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INTIMATIONS project statement

My children allowed me to photograph them, to explore my view of them - perhaps revealing as much about my character as theirs - but I hope with honest insight into theirs.  They simply trusted me as their mother.  That intimacy of view is a privilege I have tried to respect.

I needed to continue to photograph after the three were born and while raising them.  I understood that the particular limitations of parenthood were, in fact, an opportunity.  In his article, "The Thing Itself," Bill Jay bemoans the fact that "the umbilical cord between life and art has been severed," and explains that "good photographers have a deep commitment to, and involvement with their subjects, and through photography…they are communicating their understanding and passion to others."  I felt I could grow artistically by exploring what I deeply cared about.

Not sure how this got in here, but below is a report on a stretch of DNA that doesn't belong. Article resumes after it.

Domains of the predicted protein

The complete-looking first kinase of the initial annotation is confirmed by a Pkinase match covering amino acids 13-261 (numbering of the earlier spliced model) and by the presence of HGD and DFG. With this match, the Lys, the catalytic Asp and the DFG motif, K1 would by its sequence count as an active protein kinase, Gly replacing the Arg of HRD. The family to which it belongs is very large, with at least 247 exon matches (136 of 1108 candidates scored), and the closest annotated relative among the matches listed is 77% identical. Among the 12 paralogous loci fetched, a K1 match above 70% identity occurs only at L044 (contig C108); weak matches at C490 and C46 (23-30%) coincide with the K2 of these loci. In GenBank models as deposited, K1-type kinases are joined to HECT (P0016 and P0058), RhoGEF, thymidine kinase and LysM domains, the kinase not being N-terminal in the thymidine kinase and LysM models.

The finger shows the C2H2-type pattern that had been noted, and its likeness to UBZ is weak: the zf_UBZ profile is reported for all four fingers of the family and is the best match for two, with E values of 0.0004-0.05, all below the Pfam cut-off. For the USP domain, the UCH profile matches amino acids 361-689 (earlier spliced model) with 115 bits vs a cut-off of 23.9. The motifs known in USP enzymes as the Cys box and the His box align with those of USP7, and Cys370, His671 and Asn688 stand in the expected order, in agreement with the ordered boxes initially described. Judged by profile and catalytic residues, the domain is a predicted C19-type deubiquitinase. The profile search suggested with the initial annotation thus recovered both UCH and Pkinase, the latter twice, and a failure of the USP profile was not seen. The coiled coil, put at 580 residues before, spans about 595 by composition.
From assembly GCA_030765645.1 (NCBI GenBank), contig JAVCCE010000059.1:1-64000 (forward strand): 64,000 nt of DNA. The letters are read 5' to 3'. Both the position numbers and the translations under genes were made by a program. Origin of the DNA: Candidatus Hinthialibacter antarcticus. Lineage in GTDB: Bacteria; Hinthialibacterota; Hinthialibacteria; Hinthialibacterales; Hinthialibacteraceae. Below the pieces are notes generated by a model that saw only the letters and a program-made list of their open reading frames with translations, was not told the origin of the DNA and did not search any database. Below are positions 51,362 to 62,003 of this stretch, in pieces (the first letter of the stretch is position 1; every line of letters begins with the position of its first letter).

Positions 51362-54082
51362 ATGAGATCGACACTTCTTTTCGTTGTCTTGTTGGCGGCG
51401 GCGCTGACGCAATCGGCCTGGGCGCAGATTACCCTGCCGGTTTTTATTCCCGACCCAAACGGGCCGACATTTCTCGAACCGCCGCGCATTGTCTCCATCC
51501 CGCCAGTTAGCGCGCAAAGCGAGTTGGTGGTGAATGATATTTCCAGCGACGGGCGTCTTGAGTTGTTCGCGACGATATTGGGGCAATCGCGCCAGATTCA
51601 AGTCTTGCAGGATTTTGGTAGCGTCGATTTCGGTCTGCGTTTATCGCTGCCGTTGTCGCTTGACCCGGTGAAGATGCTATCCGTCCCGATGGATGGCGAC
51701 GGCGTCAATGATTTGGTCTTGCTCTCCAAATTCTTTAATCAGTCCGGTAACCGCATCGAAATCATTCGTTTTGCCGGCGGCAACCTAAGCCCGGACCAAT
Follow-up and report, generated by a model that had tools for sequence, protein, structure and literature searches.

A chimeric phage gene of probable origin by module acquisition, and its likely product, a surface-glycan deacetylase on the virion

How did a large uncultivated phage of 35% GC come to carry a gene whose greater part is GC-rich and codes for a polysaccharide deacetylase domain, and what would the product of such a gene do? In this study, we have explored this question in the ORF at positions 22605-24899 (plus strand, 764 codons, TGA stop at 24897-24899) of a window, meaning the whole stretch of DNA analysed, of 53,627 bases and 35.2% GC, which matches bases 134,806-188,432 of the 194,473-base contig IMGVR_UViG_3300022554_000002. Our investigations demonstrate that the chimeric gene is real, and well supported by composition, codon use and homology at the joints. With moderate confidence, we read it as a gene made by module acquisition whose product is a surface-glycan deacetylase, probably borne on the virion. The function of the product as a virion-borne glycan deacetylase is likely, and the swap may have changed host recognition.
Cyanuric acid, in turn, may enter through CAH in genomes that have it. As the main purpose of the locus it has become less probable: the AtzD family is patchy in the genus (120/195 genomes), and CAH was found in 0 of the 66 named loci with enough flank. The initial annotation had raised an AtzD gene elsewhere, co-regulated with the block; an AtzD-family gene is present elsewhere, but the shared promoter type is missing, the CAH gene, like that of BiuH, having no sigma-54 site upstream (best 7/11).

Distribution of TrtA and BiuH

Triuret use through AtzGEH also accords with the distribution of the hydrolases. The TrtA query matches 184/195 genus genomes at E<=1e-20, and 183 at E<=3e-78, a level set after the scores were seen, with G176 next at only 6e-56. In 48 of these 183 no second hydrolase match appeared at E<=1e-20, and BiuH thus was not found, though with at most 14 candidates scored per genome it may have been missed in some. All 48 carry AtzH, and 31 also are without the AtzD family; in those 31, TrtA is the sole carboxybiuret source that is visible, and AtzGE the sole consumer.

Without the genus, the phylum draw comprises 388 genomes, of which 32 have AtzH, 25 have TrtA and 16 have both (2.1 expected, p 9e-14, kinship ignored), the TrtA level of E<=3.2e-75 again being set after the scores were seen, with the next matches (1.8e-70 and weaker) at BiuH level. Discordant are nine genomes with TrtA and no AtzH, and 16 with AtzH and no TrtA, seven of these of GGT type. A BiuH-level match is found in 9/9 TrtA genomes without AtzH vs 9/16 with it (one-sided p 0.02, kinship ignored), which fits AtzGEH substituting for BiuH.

Over the years of this work, I was influenced by the controversies surrounding photography of children.  A speech on the topic by Barbara DeGenevieve of San Jose State University titled "Artist's Rights vs. Human Rights" helped to guide my thinking.  In my gut I seemed to have a clear boundary between psychologically safe and unsafe views into my kids' worlds.  But when it came time to go public with the photographs, I suddenly doubted my judgment.  I discovered some instinctual conflict of interest between my artistic goals for the work and my job as a parent.

After a lot of thought, I decided that I was projecting doubts of my own onto my children where they did not belong.  I believe I have carefully crafted images of which my children are proud now, and will be later, as adults.

This group of images goes beyond my kids to a slightly broader family life of cousins and kid parties and family pets.